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Loss of consciousness   /lɔs əv kˈɑnʃəsnəs/   Listen
Loss of consciousness

noun
1.
The occurrence of a loss of the ability to perceive and respond.






WordNet 3.0 © 2010 Princeton University








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"Loss of consciousness" Quotes from Famous Books



... case of Eutychus, recorded in the same book,[26] requires mention only lest it should seem to have been forgotten, as it is not in point at all. The record makes it highly probable that the supposed death was nothing more than the loss of consciousness for a few hours in consequence of a ...
— Miracles and Supernatural Religion • James Morris Whiton

... been badly injured during the struggle for possession of the promenade deck. Owing to loss of consciousness, supplemented by an awkward fall, he might have choked to death had he not been rescued within a few minutes. He was very ill all night, and it was not until midday that he recovered sufficient strength to enable him to question ...
— The Captain of the Kansas • Louis Tracy

... sound sleeper it may be possible for you to secure more benefit from three to four hours' sleep than a shallow sleeper may secure in eight hours of a lighter degree of sleep. This extreme depth of sleep means complete rest for the brain, absolute loss of consciousness, and, to a certain extent, loss of sensibility in respect to our senses. In the lighter degree of sleep certain parts of the brain may be at rest, while others are more or less active. Dreaming ...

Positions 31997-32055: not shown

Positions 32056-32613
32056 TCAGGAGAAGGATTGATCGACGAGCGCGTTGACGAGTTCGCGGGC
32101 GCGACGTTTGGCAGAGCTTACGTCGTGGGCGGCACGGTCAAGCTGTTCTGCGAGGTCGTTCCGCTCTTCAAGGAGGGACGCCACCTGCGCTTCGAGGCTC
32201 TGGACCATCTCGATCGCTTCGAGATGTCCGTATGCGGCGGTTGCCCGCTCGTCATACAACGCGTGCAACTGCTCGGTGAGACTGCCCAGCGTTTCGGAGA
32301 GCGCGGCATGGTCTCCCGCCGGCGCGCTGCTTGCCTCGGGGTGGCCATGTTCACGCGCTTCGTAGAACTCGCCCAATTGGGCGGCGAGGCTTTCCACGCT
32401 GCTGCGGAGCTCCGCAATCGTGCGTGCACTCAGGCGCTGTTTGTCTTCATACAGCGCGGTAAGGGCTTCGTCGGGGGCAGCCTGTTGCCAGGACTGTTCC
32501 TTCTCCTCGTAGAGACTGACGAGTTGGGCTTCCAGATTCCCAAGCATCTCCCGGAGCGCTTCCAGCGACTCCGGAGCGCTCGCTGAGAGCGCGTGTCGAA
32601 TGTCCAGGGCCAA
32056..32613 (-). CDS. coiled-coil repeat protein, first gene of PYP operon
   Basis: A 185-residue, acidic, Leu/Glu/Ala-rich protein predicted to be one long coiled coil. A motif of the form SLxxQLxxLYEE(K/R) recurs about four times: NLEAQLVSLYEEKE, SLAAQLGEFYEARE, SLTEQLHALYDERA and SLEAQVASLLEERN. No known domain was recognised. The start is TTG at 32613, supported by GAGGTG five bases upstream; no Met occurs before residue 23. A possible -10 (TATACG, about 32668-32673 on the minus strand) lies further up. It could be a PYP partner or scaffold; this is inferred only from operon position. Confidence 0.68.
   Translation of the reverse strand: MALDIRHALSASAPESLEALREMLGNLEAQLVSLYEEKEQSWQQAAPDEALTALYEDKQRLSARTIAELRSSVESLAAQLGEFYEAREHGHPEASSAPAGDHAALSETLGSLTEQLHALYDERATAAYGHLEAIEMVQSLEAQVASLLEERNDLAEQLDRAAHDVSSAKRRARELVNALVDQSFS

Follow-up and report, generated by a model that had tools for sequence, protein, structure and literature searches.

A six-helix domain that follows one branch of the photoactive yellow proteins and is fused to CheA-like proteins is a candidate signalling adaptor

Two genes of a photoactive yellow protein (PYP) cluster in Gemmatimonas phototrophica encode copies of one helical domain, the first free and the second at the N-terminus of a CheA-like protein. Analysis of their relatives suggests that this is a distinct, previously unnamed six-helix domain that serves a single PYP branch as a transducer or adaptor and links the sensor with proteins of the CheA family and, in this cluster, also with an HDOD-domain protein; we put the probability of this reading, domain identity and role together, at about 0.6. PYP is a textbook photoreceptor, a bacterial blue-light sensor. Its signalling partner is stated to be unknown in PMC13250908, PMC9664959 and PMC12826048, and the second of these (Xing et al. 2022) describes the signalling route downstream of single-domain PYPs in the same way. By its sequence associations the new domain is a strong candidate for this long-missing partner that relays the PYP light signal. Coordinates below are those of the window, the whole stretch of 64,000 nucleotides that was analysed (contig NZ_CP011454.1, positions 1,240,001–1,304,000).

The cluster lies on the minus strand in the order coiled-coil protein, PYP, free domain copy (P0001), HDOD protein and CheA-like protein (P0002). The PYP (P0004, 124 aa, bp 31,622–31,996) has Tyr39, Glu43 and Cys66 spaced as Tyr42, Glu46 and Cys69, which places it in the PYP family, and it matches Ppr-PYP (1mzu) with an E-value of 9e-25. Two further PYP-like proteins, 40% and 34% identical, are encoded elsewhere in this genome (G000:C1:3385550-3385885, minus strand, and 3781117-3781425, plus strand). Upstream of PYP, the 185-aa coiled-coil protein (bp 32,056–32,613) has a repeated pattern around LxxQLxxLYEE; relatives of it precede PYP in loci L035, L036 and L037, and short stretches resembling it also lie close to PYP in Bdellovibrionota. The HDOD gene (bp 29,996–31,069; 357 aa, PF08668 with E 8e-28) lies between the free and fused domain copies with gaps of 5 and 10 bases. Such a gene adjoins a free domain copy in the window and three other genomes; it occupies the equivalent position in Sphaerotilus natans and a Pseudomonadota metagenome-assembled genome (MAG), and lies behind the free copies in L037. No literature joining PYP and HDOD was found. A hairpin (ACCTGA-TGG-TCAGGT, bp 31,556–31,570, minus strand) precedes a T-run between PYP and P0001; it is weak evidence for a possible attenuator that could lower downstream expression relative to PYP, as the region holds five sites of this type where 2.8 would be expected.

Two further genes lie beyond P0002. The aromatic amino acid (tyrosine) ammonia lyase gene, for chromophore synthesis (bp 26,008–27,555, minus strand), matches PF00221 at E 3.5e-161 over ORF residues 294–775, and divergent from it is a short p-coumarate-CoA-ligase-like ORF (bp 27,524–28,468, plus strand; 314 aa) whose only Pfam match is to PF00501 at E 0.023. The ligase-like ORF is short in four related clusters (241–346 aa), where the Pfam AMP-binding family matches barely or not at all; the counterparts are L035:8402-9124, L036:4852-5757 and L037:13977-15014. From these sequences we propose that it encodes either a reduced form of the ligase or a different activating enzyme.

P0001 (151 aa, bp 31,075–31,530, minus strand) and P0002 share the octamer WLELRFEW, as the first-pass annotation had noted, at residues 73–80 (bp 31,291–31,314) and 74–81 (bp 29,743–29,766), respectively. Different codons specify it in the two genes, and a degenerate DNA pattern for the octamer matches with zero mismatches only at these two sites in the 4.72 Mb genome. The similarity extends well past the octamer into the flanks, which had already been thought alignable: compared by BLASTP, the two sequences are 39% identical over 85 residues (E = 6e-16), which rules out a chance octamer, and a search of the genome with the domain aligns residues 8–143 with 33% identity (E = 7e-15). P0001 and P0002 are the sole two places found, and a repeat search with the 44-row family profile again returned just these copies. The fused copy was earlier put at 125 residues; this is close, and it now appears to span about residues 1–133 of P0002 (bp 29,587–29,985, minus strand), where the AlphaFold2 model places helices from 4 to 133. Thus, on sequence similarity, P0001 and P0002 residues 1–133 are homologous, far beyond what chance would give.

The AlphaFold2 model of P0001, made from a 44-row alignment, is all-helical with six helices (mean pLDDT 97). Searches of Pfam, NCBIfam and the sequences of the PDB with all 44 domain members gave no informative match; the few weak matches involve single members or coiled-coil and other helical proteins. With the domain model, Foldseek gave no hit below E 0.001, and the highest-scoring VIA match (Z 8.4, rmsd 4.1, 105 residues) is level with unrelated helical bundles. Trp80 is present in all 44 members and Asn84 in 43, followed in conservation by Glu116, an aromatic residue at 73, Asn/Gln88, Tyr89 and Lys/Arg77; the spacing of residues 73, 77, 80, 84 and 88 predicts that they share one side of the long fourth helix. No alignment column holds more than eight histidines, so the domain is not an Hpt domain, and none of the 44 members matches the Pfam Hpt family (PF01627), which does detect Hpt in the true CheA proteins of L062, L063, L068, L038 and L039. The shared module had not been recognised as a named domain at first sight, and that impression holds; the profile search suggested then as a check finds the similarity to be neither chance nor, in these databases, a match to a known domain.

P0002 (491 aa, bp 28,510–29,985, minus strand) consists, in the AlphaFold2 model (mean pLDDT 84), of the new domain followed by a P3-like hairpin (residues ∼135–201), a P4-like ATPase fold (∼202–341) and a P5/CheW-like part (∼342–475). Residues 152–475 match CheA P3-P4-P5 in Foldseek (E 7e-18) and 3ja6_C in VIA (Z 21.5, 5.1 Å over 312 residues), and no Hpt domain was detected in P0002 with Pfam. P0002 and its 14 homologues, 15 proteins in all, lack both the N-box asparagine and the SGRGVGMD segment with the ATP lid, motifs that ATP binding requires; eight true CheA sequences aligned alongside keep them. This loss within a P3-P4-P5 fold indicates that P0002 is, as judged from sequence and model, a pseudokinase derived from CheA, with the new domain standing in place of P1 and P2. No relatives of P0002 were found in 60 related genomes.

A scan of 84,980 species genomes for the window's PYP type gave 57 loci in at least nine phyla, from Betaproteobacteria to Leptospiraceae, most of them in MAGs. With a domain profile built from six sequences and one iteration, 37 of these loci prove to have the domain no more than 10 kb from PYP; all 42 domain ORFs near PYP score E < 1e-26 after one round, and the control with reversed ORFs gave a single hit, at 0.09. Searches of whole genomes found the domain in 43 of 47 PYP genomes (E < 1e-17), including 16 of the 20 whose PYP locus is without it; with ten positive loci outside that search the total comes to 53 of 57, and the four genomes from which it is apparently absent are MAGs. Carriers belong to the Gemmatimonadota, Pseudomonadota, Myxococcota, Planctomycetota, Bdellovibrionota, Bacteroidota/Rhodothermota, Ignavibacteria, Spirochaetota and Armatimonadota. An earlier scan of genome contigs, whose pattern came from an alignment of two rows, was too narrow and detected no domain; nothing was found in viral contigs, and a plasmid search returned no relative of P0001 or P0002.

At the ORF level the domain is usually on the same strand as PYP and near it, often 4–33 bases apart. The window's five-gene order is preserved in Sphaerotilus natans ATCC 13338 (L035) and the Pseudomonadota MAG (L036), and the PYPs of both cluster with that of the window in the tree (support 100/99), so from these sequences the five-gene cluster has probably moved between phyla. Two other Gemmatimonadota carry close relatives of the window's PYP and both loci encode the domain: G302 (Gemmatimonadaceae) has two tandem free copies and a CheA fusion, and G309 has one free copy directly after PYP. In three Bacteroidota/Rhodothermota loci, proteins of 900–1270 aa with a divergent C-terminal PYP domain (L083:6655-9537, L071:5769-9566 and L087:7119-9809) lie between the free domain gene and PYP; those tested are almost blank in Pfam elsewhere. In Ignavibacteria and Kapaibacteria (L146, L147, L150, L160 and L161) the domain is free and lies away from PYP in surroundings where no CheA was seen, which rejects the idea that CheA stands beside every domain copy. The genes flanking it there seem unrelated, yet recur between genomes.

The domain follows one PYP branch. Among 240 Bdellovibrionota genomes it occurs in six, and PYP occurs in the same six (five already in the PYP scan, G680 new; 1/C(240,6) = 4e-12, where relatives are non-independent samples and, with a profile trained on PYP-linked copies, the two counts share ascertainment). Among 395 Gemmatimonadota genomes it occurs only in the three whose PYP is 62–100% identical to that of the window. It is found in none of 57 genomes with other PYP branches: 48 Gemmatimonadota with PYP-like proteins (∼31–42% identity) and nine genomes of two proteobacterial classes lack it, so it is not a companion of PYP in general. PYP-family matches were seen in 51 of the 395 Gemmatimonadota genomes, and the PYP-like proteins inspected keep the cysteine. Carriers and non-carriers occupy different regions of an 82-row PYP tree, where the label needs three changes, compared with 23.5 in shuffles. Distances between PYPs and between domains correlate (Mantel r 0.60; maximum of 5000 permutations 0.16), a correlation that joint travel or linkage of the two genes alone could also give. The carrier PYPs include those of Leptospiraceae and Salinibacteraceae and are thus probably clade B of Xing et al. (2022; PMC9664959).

— Vitality Supreme • Bernarr Macfadden

... Loss of consciousness is known as coma. It is caused by hemorrhage in the brain, by profound exhaustion, or may result from a saturation of the system with the poison of some disease. Coma may follow upon cerebral depression, which ...
— Special Report on Diseases of the Horse • United States Department of Agriculture

... undue exposure to great and exhaustive heat, such as workmen are exposed to in foundries, gas factories, bakeries, and other similar employments. Its first symptom is pain in the head and dizziness, quickly followed by loss of consciousness, and resulting in complete prostration: sometimes, however, the attack is sudden, as in apoplexy. The head is generally burning hot, the face, dark and swollen, the breathing labored and snoring, and the feet and hands cold. Remove ...
— Burroughs' Encyclopaedia of Astounding Facts and Useful Information, 1889 • Barkham Burroughs



Words linked to "Loss of consciousness" :   alteration, swoon, change, syncope, deliquium, faint, modification



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